Winter, Midnight, 1894, Childe Hassam
Human night vision is limited to discriminating between different values of black and white, and the resolution and contrast are poorer. But there are many steps between light and true darkness, and most nocturnes are in fact painted using mesopicvision, which we use when we’re faced with a combination of lighting.
Moonlight, Ralph Albert Blakelock
When we transition from day to night, our eyes create photopigments in the cones and rods to increase sensitivity. The adaptation period is different for rod and cone cells. Cone cells can do this in about ten minutes of darkness, but rods require between 30-45 minutes. There are, of course, differences in how fast each of us can make the adaptation. Old age, as with so many other things, slows us down.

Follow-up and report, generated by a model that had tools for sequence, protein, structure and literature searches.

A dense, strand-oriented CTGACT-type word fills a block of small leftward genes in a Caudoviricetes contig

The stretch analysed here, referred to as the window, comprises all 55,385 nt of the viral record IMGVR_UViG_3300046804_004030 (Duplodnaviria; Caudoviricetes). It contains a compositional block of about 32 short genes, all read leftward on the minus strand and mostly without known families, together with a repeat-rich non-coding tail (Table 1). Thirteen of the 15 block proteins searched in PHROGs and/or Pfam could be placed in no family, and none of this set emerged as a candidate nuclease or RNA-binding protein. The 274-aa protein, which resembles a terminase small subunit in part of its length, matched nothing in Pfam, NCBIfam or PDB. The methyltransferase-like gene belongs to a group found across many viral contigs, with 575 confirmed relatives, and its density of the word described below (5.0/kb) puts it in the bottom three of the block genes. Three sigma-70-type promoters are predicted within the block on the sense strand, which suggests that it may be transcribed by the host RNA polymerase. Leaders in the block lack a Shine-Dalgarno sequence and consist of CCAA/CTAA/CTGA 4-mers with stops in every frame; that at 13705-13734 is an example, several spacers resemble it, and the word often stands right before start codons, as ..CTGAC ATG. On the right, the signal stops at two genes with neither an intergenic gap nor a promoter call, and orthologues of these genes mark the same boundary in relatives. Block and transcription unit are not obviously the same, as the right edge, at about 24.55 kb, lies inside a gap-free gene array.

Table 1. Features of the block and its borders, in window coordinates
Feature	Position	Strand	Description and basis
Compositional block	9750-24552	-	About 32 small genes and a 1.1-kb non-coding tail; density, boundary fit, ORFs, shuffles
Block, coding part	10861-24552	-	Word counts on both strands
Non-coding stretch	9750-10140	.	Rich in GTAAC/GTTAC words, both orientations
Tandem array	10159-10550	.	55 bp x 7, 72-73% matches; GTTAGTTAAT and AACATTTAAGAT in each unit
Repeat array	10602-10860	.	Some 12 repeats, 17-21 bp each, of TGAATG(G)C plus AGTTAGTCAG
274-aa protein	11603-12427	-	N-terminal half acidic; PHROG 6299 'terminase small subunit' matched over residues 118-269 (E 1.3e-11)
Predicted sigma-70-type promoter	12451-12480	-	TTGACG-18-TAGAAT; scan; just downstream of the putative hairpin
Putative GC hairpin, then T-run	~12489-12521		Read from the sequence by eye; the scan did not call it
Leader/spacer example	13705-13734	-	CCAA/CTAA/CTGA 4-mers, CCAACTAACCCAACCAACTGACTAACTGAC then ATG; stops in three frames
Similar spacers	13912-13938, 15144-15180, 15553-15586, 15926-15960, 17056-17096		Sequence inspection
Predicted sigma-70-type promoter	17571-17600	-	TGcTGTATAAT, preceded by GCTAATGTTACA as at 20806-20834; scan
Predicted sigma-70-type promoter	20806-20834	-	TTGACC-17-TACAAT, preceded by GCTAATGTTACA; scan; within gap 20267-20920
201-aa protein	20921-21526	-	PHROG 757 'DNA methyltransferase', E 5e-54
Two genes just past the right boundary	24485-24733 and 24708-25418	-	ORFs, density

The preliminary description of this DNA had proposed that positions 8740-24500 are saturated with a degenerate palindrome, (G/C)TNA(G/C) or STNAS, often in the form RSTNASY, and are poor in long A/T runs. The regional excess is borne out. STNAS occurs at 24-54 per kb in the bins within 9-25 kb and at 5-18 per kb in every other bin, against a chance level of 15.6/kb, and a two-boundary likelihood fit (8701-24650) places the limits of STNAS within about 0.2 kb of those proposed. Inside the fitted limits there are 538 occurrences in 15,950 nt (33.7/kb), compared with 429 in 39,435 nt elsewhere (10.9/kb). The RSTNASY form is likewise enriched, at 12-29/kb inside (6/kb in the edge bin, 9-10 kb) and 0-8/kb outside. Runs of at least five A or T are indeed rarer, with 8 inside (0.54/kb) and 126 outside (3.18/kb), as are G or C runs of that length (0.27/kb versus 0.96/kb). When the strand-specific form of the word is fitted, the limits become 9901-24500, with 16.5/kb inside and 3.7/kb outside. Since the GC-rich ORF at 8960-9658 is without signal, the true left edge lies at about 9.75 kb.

Snow in New York, 1902, Robert Henri
The transition from dark to light happens much more quickly. It takes about five minutes for the eyes to bleach out the photopigments they created to see in the dark.
The Call for Help, Frederic Remington
Humans are color-blind in true low-light situations. However, at twilight, when most nocturnes were painted, we suffer from something called the Purkinje shift. During the daytime, people are most sensitive to light that is greenish-yellow. At night, people are more sensitive to greenish-blue light.
The Tornado, 1835, Thomas Cole
The rods in our eyes (which are more light-sensitive and thus more important in low-light situations) respond best to green-blue light. The cones in the retina, which respond to colors, don’t work well in lower-light situations. As the light gets lower, our ability to see reds falls off.